“I got started making flutes when I had a few weeks away from work and was looking for something to fill the time, and I haven’t been able to stop since (except when I’m making magic wands). I hope you enjoy playing your NAF (Native American Flute) as much as I enjoy making them!
Native American flutes were part of the culture and ceremonies of many North American tribes, including the Apache, Navajo, Ute, Lakota, Hopi and Anasazi. Flutes of this type have been discovered dating from as far back as 600 AD, and are usually made of wood or bone.
These flutes have a special dual-chamber design – when you blow into the mouthpiece the air actually comes out of a hole in the top, goes through the block (the bird-like wooden thing on the top), and over a second hole where the sound is created. This gives Native American flutes their unique “breathy” sound.
Native American flutes can have anywhere from 2 to 8 holes, but I prefer the 6-hole flute that gives an excellent range of notes. The first three fingers of each hand are used to cover the six holes, leaving the thumb and little finger to “chill out.” My flutes are pitched in a variety of keys, with F# being the most common.
It is not fully clear how all these flutes were used within their native cultures, but I encourage you to experiment with your flute to see how it fits into your life. It can be played alone or with other instruments, and has a very meditative quality that makes it great for de-stressing or setting a mood.
I would like to give a special thanks to all on the Native Flute Woodworking - Native Flute user group for all the help and information on the construction of Native American Flutes.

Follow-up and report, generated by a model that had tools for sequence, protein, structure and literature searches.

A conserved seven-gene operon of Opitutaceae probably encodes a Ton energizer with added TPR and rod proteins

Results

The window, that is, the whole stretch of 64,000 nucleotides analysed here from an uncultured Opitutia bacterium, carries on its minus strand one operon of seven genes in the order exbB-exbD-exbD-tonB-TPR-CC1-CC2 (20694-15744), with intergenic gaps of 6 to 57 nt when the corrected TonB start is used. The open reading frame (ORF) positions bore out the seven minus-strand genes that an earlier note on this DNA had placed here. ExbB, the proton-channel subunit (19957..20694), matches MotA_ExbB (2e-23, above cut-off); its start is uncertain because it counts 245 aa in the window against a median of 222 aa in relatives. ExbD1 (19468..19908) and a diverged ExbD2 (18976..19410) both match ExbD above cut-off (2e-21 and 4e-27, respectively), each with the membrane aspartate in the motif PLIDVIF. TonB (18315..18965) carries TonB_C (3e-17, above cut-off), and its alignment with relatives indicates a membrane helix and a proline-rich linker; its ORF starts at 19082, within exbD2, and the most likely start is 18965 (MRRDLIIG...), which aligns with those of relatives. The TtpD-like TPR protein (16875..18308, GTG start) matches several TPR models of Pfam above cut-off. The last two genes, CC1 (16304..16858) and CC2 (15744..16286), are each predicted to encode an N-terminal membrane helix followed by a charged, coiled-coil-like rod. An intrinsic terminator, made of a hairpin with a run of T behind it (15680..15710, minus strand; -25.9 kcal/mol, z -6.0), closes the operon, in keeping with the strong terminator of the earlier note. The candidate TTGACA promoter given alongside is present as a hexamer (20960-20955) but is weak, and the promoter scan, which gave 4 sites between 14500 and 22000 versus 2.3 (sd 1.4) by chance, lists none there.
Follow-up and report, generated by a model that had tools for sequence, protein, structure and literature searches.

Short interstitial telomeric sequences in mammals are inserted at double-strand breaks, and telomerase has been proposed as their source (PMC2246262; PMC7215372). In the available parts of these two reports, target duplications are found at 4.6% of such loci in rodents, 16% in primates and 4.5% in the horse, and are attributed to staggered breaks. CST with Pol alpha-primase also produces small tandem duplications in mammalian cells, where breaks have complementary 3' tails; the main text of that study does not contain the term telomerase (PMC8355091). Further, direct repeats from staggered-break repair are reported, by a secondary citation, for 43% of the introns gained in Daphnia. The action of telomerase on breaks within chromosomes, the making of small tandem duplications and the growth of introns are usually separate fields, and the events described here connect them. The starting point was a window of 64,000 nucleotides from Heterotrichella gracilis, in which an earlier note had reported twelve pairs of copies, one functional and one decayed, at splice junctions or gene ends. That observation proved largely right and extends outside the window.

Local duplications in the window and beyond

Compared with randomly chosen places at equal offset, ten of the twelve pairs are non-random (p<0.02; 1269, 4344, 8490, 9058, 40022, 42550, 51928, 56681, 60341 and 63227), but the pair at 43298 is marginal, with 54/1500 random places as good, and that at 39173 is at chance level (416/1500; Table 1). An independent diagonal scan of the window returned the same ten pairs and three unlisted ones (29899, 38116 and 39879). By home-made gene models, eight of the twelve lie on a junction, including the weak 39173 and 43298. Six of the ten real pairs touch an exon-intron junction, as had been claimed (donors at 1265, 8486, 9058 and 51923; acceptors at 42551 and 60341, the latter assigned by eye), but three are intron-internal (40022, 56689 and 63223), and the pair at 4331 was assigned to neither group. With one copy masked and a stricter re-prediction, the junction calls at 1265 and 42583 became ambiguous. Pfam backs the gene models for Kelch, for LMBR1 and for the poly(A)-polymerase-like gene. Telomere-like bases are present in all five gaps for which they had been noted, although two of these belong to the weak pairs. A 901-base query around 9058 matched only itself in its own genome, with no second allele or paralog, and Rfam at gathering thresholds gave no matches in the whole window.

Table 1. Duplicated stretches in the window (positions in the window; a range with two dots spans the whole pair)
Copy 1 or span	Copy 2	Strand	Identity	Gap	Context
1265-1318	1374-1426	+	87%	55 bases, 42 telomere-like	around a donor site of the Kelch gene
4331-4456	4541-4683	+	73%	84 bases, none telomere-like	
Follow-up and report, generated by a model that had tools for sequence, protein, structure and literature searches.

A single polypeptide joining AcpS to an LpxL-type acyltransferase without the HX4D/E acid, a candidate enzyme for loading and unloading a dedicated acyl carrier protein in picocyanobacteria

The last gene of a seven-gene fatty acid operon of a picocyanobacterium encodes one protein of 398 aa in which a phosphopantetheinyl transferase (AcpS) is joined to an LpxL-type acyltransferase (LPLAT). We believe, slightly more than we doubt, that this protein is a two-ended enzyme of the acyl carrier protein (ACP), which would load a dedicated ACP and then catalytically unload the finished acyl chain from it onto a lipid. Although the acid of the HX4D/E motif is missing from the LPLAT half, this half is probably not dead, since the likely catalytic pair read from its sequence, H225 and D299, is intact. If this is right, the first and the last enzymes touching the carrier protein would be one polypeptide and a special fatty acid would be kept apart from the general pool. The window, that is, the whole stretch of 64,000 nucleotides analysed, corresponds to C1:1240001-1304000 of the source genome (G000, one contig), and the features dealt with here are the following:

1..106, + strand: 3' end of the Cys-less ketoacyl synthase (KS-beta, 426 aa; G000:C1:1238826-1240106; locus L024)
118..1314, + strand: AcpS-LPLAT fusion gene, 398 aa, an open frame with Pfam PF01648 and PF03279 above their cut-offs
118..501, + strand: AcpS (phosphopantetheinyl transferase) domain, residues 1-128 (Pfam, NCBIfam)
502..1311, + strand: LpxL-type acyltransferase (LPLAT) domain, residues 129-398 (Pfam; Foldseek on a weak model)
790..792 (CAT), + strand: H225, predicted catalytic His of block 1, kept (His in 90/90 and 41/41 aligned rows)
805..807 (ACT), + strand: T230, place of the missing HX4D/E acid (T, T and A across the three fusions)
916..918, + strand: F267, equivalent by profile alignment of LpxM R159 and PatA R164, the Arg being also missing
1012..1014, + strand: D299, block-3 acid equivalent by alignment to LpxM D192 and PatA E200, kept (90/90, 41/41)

Examples of Native American Style Flutes I have made.
I sell Native American style Flutes under the brand name of Fancy Gap Flutes. These are examples of flutes that I have produced, though many have been gifted to friends and family. I find people like them not only for the sound, but also as a display piece.
This is a printable brochure for Fancy Gap Flutes.
I had made a few PVC flutes, but this is my first wood attempt. It is made out of an old spruce 2 x 4 and is a solid piece of wood, bored on my lathe. The walls are very thick, but it plays ok.
As my first flute, when I completed it, I took it to the house to show my wife. I put it on the porch table and walked away. When I came back some time later, a dog got it and took off with it. To a dog, it appears to be a really cool stick. My neighbor found the chewed up carcass and brought it back home. That is why it has the walnut on each end. Still plays.
I have attempted many different ways to create the bore and Slow Air Chamber (SAC) of a Native American Flute(NAF).
This page describes a jig I made for a plunge router. This jig worked well for me and helped me create many 3/4 and 1 inch bore NAFs. In reading forum posts, many people are looking for inexpensive ways make their NAF. Not all people have access to expensive wood working tools. I hope someone finds this method useful.